Today’s Jerusalem Post had an article that began as follows:
Woman rabbi flies to US to preach aliya
It’s not every day that you meet a rabbi wearing a sleeveless, green dress, especially in a state dominated by a strictly Orthodox establishment. But then again, Rabbi Kinneret Shiryon, spiritual leader of Kehillat Yozma, Modi’in’s Reform congregation, is not your average Israeli rabbi. And now she is involved in a unique initiative, together with Modi’in’s Mayor Moshe Spector, to encourage members of US Reform congregations to make aliya. (MORE)
Now I am guilty of the same crime as the headline writer. I frequently refer to female clergy as “woman rabbis” or “woman cantors.”
These are actually rather common terms, heard even in the Reform and Conservative Movements where women make up a significant portion of those in seminary at HUC, JTS and American Jewish University, formerly UJ. (I don’t know if this is as prevalent in the Reconstructionist Movement, but I would guess so.)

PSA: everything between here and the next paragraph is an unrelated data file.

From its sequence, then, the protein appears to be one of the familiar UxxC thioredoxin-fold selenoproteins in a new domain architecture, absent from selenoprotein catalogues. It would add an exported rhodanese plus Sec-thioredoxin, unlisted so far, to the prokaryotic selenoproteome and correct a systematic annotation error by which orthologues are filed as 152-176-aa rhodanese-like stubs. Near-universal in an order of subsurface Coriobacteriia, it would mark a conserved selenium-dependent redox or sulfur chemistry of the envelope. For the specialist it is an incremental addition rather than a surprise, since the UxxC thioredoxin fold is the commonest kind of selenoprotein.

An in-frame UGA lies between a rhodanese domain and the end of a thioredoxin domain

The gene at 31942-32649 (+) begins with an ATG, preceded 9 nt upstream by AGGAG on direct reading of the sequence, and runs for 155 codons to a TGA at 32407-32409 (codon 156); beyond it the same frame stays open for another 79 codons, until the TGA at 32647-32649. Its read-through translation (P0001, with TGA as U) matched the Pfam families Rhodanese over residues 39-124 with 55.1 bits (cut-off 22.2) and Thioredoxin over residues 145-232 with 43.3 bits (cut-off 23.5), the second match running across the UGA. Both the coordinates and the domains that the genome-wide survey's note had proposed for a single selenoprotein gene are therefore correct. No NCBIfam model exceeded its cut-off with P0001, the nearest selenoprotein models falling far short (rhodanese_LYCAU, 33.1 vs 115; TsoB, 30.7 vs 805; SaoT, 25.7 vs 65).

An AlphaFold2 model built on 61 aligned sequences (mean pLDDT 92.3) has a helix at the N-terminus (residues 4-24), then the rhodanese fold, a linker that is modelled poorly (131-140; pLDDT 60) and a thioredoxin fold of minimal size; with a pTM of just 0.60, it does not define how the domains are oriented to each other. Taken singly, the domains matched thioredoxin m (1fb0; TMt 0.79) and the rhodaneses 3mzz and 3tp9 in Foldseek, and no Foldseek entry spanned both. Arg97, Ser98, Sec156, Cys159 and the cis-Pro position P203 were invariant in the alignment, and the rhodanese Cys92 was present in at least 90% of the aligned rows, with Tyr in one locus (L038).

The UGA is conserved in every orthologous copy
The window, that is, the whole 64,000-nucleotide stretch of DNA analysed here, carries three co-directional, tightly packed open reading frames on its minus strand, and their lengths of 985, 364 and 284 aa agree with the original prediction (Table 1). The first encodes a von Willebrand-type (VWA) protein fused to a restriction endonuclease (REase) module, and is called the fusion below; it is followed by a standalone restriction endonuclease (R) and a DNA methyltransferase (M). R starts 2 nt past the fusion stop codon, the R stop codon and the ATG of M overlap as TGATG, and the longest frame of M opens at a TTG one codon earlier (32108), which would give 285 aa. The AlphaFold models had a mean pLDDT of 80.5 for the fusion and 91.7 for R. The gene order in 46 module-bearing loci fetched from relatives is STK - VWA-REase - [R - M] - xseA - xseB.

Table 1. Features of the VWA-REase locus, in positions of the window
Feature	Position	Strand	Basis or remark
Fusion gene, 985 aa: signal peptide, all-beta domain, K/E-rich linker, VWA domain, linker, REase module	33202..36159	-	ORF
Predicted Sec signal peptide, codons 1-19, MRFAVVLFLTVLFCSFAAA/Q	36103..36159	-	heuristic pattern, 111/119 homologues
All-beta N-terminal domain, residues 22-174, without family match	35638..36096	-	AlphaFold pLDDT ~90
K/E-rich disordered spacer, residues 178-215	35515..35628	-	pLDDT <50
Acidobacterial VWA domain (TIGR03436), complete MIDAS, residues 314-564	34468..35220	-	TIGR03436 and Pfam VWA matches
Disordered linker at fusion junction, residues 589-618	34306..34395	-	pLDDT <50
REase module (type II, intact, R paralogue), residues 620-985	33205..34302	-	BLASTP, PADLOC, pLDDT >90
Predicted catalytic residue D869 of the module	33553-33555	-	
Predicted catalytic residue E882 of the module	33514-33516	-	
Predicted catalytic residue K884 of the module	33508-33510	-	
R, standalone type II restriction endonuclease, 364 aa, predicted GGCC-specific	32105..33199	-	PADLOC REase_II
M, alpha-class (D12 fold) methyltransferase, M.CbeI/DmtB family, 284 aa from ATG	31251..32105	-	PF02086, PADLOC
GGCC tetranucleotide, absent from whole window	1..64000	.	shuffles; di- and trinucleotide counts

Is there anything, aside from gender, that actually distinguishes female from male rabbis in these more progressive movements? Do they have different responsibilities? Not that I know of. I certainly do not hear of non-female rabbis called “male rabbis.”
Yes, there are still Jews in these movements who are uncomfortable with a female having a pulpit. Unofficially, there are synagogues that would not hire a female rabbi, particularly to be the head spiritual leader.
But regardless of how one feels about females in clergy positions, it is essential to be careful with terminology as to not demean the education, skills and position these rabbis have attained.
After all, I wouldn’t want to be described as a female editor.
Pronounced: moe-SHEH, Origin: Hebrew, Moses, whom God chooses to lead the Jews out of Egypt.